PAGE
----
Day 21: Halloween (1978)
Premise: Man in bootleg William Shatner mask gets very stabby.
Okay, kinda cheating a little bit here, because I’ve actually already seen this movie. But I wanted to rewatch it again anyway in preparation for the second film I’m covering today, and, since I have a limited amount of movie watching time, I figured I might as well count it on the tally. After all, as much as I loved it the first time I saw this movie, it’s been a long long time since I last watched it and this wouldn’t be the first time my opinion on something changed upon a rewatch. So rather than a ‘What do I think of it?’ sort of review, this is more of a ‘Did it hold up?’ sort of review.
Spoiler alert? It fucking held up.
One of the things that really struck me upon rewatch of this movie was that, in spite of this film’s reputation of codifying the slasher genre and said genre’s propensity for fairly… ‘dramatic’ kills, the actual deaths in this movie are fairly tame. I think Bob’s is probably the most memorable, what with him being suspended from a door by a common knife, but even then it’s fairly basic compared to the ‘killed by opening garage door/eaten by bed/having head frozen by liquid nitrogen and smashed’ sorts of hijinks that fellow slasher movies normally get up to. Yet, weirdly enough, that’s kind of one of the things that really works about this movie and even to this day sets it apart from its successors.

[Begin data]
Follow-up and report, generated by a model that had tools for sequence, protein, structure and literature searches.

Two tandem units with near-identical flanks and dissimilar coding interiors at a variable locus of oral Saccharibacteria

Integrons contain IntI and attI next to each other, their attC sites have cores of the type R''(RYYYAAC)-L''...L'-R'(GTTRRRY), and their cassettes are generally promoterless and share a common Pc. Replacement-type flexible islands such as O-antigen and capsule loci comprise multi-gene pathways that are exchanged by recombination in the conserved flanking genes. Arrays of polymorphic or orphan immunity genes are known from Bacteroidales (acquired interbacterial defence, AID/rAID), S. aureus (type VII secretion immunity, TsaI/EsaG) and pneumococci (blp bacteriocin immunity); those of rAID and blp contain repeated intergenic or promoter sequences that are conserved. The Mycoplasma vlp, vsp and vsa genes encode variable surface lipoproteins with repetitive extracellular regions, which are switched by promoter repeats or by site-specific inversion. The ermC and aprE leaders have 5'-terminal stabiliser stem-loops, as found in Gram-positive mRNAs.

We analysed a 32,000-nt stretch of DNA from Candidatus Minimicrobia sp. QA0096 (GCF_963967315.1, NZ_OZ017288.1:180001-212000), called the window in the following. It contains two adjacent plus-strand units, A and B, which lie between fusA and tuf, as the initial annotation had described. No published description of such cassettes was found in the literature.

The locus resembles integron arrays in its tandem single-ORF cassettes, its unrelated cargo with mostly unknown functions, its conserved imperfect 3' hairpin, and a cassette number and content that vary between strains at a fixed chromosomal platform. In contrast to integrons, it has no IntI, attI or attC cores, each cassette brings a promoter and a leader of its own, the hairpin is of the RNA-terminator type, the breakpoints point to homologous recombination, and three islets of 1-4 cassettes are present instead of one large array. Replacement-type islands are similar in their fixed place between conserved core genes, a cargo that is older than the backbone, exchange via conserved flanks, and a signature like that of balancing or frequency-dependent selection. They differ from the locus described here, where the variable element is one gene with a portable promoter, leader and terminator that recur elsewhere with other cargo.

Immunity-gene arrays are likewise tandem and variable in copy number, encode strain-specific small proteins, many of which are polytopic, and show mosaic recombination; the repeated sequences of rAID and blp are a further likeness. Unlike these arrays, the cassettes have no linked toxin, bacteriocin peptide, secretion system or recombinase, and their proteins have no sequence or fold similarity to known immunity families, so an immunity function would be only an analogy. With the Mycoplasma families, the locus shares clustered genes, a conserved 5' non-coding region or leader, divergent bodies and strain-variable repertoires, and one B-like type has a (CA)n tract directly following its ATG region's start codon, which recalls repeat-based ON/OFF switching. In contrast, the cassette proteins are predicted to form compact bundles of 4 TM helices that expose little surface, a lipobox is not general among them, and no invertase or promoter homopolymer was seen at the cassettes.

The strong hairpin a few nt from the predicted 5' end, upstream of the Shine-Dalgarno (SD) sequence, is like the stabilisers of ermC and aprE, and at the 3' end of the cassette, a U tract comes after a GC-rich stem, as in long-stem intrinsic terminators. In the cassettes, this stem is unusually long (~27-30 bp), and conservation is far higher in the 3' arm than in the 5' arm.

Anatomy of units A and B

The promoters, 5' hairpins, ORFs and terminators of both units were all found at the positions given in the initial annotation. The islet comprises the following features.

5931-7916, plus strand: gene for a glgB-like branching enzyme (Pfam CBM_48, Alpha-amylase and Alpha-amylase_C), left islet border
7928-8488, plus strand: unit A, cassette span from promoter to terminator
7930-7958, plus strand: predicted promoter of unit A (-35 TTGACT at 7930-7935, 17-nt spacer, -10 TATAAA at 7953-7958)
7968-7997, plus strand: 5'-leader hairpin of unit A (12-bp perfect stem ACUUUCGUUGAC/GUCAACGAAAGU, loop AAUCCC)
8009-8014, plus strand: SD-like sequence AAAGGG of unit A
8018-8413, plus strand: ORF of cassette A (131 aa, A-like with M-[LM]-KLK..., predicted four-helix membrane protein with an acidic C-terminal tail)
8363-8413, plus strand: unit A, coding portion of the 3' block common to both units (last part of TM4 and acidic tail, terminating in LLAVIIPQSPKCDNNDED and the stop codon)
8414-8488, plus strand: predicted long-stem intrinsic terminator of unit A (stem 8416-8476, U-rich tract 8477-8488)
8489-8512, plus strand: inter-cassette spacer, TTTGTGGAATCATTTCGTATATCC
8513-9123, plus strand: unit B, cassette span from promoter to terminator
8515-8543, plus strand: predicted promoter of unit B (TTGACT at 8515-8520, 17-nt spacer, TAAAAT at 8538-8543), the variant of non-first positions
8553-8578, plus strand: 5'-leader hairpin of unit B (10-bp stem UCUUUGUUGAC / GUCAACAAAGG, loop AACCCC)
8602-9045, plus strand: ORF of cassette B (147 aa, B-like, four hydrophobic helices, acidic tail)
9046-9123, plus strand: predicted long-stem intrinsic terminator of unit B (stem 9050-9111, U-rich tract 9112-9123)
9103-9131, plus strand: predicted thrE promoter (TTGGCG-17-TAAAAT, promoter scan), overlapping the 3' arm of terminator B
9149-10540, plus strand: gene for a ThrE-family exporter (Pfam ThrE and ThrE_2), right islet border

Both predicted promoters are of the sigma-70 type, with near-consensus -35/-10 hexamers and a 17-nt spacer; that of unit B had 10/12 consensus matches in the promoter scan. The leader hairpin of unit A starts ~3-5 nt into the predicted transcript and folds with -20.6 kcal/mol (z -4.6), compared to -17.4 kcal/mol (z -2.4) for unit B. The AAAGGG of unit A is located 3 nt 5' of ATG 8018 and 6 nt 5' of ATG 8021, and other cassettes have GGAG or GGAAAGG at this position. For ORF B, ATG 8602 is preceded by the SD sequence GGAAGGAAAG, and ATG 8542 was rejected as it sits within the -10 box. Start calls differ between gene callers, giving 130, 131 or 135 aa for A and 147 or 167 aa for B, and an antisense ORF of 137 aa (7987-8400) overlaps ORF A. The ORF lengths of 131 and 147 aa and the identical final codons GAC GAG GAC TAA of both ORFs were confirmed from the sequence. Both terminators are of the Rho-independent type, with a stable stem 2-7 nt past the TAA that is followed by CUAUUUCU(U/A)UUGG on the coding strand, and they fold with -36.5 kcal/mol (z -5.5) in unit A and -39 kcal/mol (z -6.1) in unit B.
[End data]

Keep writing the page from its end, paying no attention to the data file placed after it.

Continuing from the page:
Because it’s not about the kills. It’s about the build-up to the kills.
There are plenty of great examples I can point to. Annie’s death in particular, going by modern horror movie rules, you’d think would happen a lot earlier than it actually does. But no, minutes and minutes go by, with dozens of potential moments for Michael to pop out at, leaving the audience in constant tension. Because we know he’s out there. We actively see him hovering in the background more than once, hovering ghoulishly in the darkness. In many ways, the blank look of that Shatner mask really works to compliment his character because we never have any idea what he’s thinking at any time or when he’s going to strike. And when he does strike, it’s short, brutal and effective.
Hell, more than once, he doesn’t even need to rely on jumpscares. He just walks towards the unexpecting victim in full view of the camera and the audience and it’s absolutely terrifying. He does it as the bedsheet ghost and he does it in the infamous scene where he wakes up from his first seeming death. And it works so much better than your typical average jump scare. Especially the eerily silent way in which he moves.
Honestly, I could go on and on about how much I love this movie. From its characters, Jamie Lee Curtis’s effortless likeability, the nervous charisma and dread of Donald Pleasant’s Dr Loomis to John Carpenter’s excellent direction and cinematography to just… that goddamn theme. Like the Jaws theme, it’s so simple, yet so effective and memorable, like a pumping heartbeat or alarm.
Needless to say though, it held up. Both as one of the granddaddies of the slasher genre (along with the criminally underrated Black Christmas) and one of my favourite horror movies of all time. If you haven’t seen it already, do yourself a favour and watch it.
Was is Scary?: It’s goddamn Halloween! Of course it’s scary!
Was it Silly?: Less than most slashers.
Overall Grade: A+